Now, sometimes I’m prepared to feel like crap for a weekend for a good cause. But it has to be a pretty convincing cause.
One thing that doesn’t convince me: competition. For so many conferences, the end-game is to have a paper accepted to put on a CV. I really, really don’t care. In fact it puts me off, and makes me less likely to attend.
To start with, I know how to do a cost-benefit analysis. The last conference in my area, I think there were very few papers accepted for the number of attendees. Most attendees actually got zero papers accepted. I might be up for tenure, but not desperate enough to consider that a good use of two whole days of my time.
Surprise: extrinsic motivation isn’t all that motivating!
Quite apart from that, though, I’m not motivated by competition. Tell me you’re going to judge whose paper is the “best” and I get crippled by stereotype threat, instantly flashing back to being the last picked for the team in gym class. And I’m a scholar with 20 years’ experience under my belt, who’s worked with dozens of theories, and is comfortable with everything from Microsoft Word to Endnote. Imagine if I was new and less sure of my abilities?
You can tell me all you like about how collaborative the atmosphere of your event is, but if you are only accepting select papers you just sound hypocritical. If you want me to believe the event is collaborative, don’t make it a competition.
Why can’t I work on an existing paper?
Every conference I’ve been to has required that you come up with a new paper to present. At some conferences, I’ve seen people complain that people are cheating if they come with anything written by other people.
I spend most of my time working on projects that I think are important and worthwhile. My head is full of them, I know my way around my ideas and scholarship, and I have endless ideas for improvements and new chapters I want to work on.
Now you want me to show up at your event, put aside all the investment and focus I’ve built up for my project, and work on some new ideas for the weekend.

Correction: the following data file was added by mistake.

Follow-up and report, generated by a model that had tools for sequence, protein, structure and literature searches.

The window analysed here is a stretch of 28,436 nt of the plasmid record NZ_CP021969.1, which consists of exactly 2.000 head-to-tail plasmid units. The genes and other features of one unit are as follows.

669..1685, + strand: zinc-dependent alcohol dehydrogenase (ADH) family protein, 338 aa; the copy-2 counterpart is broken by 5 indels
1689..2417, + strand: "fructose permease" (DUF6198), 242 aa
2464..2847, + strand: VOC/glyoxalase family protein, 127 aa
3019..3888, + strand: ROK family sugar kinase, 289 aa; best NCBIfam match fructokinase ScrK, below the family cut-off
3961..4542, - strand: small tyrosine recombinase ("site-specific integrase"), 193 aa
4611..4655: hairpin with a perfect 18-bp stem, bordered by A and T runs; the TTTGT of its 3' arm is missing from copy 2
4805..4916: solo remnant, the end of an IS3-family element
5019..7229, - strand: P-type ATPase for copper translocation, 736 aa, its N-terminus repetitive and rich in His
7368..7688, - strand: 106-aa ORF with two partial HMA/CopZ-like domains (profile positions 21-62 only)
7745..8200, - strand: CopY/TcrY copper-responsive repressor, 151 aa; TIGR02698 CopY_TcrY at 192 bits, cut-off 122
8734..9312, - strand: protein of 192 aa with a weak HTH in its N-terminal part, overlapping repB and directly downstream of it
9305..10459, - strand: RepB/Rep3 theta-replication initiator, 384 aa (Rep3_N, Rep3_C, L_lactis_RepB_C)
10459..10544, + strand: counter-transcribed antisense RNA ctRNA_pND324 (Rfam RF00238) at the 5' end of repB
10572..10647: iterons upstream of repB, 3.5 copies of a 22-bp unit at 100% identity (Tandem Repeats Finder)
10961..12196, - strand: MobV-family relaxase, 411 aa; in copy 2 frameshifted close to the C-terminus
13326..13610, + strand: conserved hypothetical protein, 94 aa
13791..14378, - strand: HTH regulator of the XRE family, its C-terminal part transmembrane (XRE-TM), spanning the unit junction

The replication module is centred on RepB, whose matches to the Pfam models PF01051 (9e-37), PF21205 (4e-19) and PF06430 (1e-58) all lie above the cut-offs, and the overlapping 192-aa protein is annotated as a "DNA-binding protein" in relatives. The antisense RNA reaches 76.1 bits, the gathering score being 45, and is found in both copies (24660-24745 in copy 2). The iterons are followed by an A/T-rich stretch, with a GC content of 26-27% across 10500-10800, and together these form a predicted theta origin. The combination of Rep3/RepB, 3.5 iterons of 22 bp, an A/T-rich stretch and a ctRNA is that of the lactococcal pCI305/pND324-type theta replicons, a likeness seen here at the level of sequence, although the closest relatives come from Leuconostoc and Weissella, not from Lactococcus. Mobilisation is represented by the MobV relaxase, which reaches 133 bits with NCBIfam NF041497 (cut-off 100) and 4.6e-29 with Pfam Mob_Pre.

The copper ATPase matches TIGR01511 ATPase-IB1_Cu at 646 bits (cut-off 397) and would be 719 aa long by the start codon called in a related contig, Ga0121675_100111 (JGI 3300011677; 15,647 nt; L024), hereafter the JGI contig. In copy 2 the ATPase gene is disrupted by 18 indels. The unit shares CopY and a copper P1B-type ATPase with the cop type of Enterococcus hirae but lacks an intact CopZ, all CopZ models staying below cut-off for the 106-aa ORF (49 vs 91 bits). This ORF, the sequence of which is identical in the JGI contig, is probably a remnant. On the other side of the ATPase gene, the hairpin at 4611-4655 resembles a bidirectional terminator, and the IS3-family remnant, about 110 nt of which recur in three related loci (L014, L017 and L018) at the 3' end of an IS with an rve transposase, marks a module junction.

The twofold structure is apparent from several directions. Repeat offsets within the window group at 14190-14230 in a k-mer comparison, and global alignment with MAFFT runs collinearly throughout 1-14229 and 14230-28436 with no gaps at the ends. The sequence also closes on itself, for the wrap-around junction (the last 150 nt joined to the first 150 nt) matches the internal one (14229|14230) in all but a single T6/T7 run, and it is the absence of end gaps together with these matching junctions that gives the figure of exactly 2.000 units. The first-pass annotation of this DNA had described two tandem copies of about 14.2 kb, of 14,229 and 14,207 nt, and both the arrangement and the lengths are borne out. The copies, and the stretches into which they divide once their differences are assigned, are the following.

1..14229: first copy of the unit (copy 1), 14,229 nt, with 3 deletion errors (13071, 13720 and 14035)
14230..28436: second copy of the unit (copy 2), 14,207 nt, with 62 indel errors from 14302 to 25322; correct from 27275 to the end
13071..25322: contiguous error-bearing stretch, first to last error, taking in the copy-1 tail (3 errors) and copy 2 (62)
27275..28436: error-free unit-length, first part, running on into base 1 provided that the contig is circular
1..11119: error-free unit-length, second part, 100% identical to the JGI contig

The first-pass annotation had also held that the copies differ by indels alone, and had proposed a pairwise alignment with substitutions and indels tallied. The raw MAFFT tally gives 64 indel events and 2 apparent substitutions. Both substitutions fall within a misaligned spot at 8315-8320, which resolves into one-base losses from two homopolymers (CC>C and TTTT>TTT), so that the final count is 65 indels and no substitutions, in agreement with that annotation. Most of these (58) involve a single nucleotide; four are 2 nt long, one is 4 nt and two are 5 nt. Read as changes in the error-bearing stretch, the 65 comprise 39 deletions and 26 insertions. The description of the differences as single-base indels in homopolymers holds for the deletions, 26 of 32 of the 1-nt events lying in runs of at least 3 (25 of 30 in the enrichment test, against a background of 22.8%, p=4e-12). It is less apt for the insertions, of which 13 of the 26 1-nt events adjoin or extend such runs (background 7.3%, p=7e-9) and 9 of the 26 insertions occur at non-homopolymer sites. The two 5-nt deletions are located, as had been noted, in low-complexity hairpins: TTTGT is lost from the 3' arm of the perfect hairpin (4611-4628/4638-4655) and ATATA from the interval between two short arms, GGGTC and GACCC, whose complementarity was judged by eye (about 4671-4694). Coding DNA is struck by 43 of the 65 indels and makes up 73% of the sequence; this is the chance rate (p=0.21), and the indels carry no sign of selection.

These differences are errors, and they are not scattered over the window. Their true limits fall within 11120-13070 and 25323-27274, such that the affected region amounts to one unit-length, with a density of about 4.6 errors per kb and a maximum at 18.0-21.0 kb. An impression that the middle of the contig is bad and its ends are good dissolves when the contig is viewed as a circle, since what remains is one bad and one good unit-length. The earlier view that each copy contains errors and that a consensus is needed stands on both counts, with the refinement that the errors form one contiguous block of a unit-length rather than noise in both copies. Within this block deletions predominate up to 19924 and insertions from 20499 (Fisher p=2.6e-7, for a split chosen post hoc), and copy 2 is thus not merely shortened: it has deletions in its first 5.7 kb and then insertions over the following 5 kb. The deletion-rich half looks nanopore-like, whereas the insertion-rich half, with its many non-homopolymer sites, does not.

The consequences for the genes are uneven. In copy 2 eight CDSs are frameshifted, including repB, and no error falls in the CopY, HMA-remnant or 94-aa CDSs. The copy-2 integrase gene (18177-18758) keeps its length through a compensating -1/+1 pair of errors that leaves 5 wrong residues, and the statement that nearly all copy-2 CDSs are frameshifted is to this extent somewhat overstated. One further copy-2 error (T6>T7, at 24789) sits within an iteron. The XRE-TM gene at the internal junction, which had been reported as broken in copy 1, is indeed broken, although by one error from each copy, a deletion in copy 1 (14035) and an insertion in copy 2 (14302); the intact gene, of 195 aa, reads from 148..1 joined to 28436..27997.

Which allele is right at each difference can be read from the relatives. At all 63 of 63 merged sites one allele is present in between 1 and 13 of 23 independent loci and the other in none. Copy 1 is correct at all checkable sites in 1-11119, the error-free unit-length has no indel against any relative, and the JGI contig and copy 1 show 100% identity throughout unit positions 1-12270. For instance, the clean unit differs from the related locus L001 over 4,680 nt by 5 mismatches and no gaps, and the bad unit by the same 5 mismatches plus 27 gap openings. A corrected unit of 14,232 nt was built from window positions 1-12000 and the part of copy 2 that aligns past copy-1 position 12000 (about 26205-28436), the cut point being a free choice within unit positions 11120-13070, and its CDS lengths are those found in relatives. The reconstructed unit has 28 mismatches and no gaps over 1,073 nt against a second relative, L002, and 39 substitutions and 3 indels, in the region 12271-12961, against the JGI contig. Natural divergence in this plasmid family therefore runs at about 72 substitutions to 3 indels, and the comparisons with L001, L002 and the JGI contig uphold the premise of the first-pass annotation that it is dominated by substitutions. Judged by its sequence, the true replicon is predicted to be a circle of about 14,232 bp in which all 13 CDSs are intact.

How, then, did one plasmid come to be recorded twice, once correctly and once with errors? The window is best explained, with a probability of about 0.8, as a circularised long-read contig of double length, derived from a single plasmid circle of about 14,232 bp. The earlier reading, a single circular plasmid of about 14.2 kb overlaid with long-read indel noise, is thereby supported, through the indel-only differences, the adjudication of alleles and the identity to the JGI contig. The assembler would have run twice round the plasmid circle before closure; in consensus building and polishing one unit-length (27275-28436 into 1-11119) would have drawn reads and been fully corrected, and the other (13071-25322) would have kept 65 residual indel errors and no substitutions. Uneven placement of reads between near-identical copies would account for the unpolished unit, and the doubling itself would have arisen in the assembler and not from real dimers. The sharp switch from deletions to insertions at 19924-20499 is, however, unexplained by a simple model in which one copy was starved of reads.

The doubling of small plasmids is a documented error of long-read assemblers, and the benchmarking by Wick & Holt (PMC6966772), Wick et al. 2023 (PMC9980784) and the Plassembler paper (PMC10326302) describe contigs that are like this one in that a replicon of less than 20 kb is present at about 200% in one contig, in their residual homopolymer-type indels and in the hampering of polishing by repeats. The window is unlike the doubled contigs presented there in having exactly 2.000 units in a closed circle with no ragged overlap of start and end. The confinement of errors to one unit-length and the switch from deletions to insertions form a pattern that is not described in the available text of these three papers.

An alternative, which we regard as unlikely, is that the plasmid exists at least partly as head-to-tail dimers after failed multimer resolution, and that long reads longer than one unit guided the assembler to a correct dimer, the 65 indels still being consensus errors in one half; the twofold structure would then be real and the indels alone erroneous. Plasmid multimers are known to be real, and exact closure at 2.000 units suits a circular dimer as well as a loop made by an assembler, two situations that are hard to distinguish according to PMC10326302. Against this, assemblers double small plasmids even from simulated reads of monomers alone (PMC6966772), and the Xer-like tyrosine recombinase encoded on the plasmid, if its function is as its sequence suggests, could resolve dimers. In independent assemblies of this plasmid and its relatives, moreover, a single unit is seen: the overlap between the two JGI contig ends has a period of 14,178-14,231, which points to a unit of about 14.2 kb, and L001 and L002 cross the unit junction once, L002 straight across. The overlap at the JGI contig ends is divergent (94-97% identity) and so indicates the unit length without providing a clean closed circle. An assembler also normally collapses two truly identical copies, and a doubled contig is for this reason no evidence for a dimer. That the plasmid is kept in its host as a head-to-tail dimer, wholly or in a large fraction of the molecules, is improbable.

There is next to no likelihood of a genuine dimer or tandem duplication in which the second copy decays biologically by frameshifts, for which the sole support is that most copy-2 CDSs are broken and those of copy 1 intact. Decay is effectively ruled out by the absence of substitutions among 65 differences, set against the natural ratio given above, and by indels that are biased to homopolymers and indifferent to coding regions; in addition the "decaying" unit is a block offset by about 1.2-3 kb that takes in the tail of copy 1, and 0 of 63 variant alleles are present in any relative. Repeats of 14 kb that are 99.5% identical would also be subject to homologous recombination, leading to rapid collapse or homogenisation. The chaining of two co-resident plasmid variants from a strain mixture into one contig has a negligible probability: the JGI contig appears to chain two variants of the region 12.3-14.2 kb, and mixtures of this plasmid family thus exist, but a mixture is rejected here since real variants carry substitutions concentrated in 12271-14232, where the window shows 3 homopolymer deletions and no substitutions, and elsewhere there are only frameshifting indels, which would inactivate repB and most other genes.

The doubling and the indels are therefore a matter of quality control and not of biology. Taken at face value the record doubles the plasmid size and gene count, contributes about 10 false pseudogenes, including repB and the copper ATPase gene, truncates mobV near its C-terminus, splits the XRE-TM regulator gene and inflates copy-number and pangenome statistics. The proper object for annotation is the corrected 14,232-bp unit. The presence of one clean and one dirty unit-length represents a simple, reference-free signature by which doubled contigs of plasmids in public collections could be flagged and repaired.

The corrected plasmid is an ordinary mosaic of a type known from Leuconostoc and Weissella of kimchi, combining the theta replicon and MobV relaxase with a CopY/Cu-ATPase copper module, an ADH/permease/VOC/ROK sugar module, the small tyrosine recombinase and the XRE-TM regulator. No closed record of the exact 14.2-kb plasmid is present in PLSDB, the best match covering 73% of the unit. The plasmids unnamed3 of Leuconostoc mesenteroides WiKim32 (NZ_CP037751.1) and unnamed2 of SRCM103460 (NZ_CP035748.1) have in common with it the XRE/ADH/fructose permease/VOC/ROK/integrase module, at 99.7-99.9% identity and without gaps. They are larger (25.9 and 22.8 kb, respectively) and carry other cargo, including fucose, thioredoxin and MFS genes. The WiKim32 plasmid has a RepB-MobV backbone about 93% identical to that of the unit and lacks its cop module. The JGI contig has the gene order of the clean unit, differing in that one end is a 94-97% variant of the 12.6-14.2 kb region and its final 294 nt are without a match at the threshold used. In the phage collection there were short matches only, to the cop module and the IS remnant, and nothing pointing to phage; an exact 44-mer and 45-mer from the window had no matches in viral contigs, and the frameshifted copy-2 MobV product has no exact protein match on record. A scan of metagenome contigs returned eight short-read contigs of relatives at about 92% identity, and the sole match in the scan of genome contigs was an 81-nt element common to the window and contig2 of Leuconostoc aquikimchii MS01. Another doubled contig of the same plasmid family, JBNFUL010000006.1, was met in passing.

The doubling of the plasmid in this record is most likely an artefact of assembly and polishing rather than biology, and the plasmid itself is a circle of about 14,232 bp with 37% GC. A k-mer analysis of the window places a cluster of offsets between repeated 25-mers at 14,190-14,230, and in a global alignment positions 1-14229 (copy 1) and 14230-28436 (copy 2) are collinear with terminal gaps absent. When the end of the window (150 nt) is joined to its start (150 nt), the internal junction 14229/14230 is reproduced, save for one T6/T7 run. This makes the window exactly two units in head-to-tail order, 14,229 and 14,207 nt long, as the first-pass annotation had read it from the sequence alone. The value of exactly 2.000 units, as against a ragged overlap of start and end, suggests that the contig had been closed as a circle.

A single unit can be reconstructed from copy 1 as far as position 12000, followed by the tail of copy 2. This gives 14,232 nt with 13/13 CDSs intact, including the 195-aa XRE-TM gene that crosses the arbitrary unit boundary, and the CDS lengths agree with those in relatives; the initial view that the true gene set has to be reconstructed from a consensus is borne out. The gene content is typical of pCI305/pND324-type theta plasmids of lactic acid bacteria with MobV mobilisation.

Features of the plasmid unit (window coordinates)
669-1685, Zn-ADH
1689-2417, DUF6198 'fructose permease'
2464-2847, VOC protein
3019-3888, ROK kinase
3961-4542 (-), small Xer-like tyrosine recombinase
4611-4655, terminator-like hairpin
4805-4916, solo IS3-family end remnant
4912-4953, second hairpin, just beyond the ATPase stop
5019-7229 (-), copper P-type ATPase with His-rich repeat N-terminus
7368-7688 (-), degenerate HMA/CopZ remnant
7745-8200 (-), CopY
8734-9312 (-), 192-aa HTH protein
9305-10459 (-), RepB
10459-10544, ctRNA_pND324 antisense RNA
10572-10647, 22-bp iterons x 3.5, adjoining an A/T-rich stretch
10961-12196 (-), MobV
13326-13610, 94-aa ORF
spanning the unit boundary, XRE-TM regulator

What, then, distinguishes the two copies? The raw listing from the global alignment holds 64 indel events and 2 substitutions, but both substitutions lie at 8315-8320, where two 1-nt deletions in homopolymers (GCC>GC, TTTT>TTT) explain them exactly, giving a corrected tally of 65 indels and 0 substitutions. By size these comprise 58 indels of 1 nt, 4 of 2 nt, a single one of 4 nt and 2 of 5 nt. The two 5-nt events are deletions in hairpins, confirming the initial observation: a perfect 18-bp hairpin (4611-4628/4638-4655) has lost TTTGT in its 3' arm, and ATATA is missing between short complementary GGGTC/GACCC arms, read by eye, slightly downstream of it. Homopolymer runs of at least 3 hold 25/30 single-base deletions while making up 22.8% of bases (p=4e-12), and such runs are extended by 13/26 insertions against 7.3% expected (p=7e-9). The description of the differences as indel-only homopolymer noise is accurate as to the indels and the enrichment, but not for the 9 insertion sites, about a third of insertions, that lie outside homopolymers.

They’re just ideas
The result is that people have quick papers that are cute and flashy, but have little depth like a book. Meh.
And then they’re gone.
People say that conference pr are just for presenting papers, and that great things can later emerge from them. However, conference papers seldom survive beyond the weekend. Sure, I see conference organisers trying to take steps to ensure that projects have longevity but does this actually work?
I reviewed a handful of papers, including many accepted into conferences, from the last conference I was at and found not a single one with a edit since the conference five months ago.
Here’s why: conferences intentionally select for people who work intensely for that conference, then award them with presentations. Therefore, none of those things happen.
So what are conferences good for?
They can be a pretty good PR exercise.
They can raise awareness of new theory or among scholars and give them a space to experiment with them.
They can be stimulate your creativity, if your creativity happens to be stimulated by short deadlines and so on.
They can be a feel-good networking experience for the (overwhelmingly academic, young, female) participants.
Here’s what I want instead
Ongoing projects that are maintained and used over several years.
A welcoming environment for people of all skill and confidence levels, with opportunity for mentorship, learning, and working at your own pace.
A schedule that makes it possible to participate without having to make heroic efforts to juggle your other responsibilities.
I’d love to hear whether anyone else has experience running recurring, collaborative, low-commitment academic writing events. If you’re doing something like that, please get in touch and tell me about it!